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...apart from stating properties of $(s,t):X_1 \to X_0\times X_0$ for the a presenting algebraic groupoid $X_1 \rightrightarrows X_0$?

Once we know that given a stack $\mathcal{X}$ we have a smooth representable $X_0 \to \mathcal{X}$ where $X_0$ is a scheme, then we can talk about the algebraic groupoid $X_1 :=X_0\times_\mathcal{X} X_0 \rightrightarrows X_0$, which has source and target smooth maps. We thus have the map $(s,t)$, and can talk about its properties, such as being separated or whatever. We can specify its properties (such as having 'property P') by demanding that the diagonal $\Delta:\mathcal{X} \to \mathcal{X} \times \mathcal{X}$ is representable and has 'property P'. But where else is representability and property $P$ of $\Delta$ used, in a way that couldn't be otherwise derived from property $P$ of $(s,t)$? 'Everybody knows' that algebraic stacks and algebraic groupoids form the objects of two equivalent bicategories (there is a 1996 article by Dorette Pronk that makes this precise, and recent work by myself - available on the arXiv if you care - expands hers to be applied in more general situations). Thus I wonder what properties of the diagonal $\Delta$ are used that couldn't be instead derived from $(s,t)$ of a presenting groupoid. (Edit: or can all (stable under pullback) properties of the diagonal be so described - and also used?)

Pointers (in comments) to any relevant questions where example situations are discussed in detail would be appreciated.

(NB This is a spin-off from comments at this question.)

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I've always thought that the condition that the diagonal is representable is useful because it is equivalent to requiring that any map from a scheme to your stack is representable. In particular, it implies that the map from an atlas of the stack to the stack is representable, which is certainly important. –  Mike Skirvin Mar 4 '11 at 2:14
    
@Mike - but we can require representability of the atlas map separately, which is essential, and if pressed, require that any map from a scheme to the stack is representable. If it is this latter property which is used, then that is the sort of answer I am looking for. And any other reasons too, of course. –  David Roberts Mar 4 '11 at 3:00
    
Since you can reconstruct the diagonal up to 2-isomorphism from a presenting groupoid, it seems tautological that there isn't any (isomorphism-invariant) property of the diagonal that can't be derived from properties of a presenting groupoid. Is that really the question you mean to ask? Also, I protest at your use of the word "the" in front of "presenting". –  S. Carnahan Mar 4 '11 at 5:41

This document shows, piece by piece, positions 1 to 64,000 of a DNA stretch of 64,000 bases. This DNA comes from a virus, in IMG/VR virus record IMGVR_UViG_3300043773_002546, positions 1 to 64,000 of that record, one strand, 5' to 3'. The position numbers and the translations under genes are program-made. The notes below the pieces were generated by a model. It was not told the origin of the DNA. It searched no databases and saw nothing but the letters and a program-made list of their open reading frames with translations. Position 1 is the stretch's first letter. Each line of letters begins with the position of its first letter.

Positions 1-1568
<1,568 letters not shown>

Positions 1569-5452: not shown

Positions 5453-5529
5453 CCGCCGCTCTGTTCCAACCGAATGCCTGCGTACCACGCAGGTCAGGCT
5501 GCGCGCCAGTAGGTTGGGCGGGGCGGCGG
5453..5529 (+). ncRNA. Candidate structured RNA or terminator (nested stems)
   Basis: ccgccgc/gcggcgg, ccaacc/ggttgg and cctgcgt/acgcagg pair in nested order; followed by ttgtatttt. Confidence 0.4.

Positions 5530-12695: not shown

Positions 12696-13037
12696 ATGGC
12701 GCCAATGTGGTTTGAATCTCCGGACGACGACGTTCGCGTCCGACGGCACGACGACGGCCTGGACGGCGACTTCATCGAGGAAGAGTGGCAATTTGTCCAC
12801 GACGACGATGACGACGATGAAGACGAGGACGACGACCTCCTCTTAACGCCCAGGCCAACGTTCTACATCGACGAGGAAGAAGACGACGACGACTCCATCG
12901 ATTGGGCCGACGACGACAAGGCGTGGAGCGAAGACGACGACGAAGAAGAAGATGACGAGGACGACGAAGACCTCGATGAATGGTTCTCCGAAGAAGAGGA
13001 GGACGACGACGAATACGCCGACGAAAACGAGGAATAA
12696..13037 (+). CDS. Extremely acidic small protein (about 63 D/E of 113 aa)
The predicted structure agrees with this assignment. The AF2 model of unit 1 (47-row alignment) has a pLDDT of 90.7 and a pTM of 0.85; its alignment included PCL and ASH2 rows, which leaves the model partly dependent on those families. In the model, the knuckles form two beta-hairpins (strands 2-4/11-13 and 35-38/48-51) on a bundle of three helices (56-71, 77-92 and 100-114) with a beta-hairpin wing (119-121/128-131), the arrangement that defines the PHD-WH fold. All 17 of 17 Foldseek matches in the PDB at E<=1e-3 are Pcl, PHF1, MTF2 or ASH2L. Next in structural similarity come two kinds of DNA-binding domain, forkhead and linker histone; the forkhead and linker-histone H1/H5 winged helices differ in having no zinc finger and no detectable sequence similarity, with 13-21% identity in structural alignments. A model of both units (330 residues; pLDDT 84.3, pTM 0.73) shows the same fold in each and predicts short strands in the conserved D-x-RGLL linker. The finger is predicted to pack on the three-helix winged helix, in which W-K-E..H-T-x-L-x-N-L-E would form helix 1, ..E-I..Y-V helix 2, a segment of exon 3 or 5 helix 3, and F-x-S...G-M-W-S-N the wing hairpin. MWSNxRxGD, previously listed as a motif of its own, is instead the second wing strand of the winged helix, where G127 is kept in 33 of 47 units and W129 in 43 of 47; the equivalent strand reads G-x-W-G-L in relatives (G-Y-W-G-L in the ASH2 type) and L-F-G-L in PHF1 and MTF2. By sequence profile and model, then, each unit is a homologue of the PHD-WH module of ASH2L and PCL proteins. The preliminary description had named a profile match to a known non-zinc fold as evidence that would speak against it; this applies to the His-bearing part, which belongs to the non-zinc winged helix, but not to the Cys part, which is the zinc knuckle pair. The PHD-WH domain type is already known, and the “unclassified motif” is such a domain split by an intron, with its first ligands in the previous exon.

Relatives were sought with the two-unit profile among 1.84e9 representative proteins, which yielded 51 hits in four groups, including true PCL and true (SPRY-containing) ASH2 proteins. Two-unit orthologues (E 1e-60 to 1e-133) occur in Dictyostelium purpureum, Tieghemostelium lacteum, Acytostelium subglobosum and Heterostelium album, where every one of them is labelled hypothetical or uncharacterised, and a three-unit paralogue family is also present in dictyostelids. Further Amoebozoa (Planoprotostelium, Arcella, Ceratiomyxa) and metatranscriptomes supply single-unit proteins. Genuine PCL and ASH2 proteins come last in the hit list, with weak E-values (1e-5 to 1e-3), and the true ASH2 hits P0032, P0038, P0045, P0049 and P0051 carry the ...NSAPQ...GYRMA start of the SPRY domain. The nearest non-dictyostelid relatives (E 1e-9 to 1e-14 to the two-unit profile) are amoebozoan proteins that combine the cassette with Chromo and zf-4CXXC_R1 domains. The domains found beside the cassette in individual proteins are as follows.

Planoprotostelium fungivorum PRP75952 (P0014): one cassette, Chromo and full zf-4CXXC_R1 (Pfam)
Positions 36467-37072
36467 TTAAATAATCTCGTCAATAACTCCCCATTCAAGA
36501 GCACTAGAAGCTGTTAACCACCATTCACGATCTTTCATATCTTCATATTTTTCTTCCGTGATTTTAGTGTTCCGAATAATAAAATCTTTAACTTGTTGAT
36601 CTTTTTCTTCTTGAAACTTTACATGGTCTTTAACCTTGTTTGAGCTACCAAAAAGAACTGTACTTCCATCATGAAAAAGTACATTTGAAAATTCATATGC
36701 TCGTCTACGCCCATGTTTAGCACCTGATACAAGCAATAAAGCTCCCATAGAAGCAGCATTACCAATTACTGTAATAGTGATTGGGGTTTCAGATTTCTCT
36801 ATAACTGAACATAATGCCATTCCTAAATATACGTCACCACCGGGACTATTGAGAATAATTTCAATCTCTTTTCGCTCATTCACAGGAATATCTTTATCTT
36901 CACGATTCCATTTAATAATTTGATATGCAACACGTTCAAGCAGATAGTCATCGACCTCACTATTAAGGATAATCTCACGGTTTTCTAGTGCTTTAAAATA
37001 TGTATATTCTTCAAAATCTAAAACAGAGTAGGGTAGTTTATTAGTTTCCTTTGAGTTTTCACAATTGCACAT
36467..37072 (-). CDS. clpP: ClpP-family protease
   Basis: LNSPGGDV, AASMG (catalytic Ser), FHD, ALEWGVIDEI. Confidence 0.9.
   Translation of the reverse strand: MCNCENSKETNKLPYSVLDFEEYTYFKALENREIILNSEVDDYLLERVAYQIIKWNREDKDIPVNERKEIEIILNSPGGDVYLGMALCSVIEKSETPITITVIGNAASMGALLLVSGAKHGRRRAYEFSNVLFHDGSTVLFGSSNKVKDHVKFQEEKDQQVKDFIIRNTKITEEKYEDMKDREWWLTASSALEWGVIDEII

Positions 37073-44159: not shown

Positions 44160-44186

@Scott - regarding 'the' - whoops! I didn't mean that. And yes, I think you've hit the nail on the head: I really want to know if one can avoid using representability of the diagonal explicitly in favour of properties arising from a presenting groupoid. –  David Roberts Mar 4 '11 at 5:54
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One point (which doesn't answer your question, I know) is that representability of the diagonal follows from the existence of an atlas (i.e. a smooth surjective and representable morphism from an algebraic space $X\to \mathcal{X}$). See for example prop (4.3.2) of Champs Algébriques. –  Mattia Talpo Mar 4 '11 at 11:54

1 Answer 1

If $X_1 \rightrightarrows X_0$ is a groupoid and $\mathcal{X}$ is the associated stack, consider the atlas $p:X_0 \to \mathcal{X}$. If you form the weak $2$-pullback of $p \times p:X_0 \times X_0 \to \mathcal{X} \times \mathcal{X}$ against the diagonal $\Delta:\mathcal{X} \to \mathcal{X} \times \mathcal{X}$ you get by first projection $\left(s,t\right):X_1 \to X_0 \times X_0$. But $p \times p$ is an atlas for $\mathcal{X} \times \mathcal{X}$ so it follows that $\Delta$ is representable, and it has "property $P$" if and only if $\Delta$ does.

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Of course, by "property P", we need a property which is invariant under restriction and local on the target. –  David Carchedi Mar 4 '11 at 14:40
    
Hi David - local on the target might be too strong an assumption for me... :) –  David Roberts May 24 '11 at 4:26
    
What kind of property $P$ do you have in mind exactly? Maybe then I can give a better answer. –  David Carchedi May 24 '11 at 11:36

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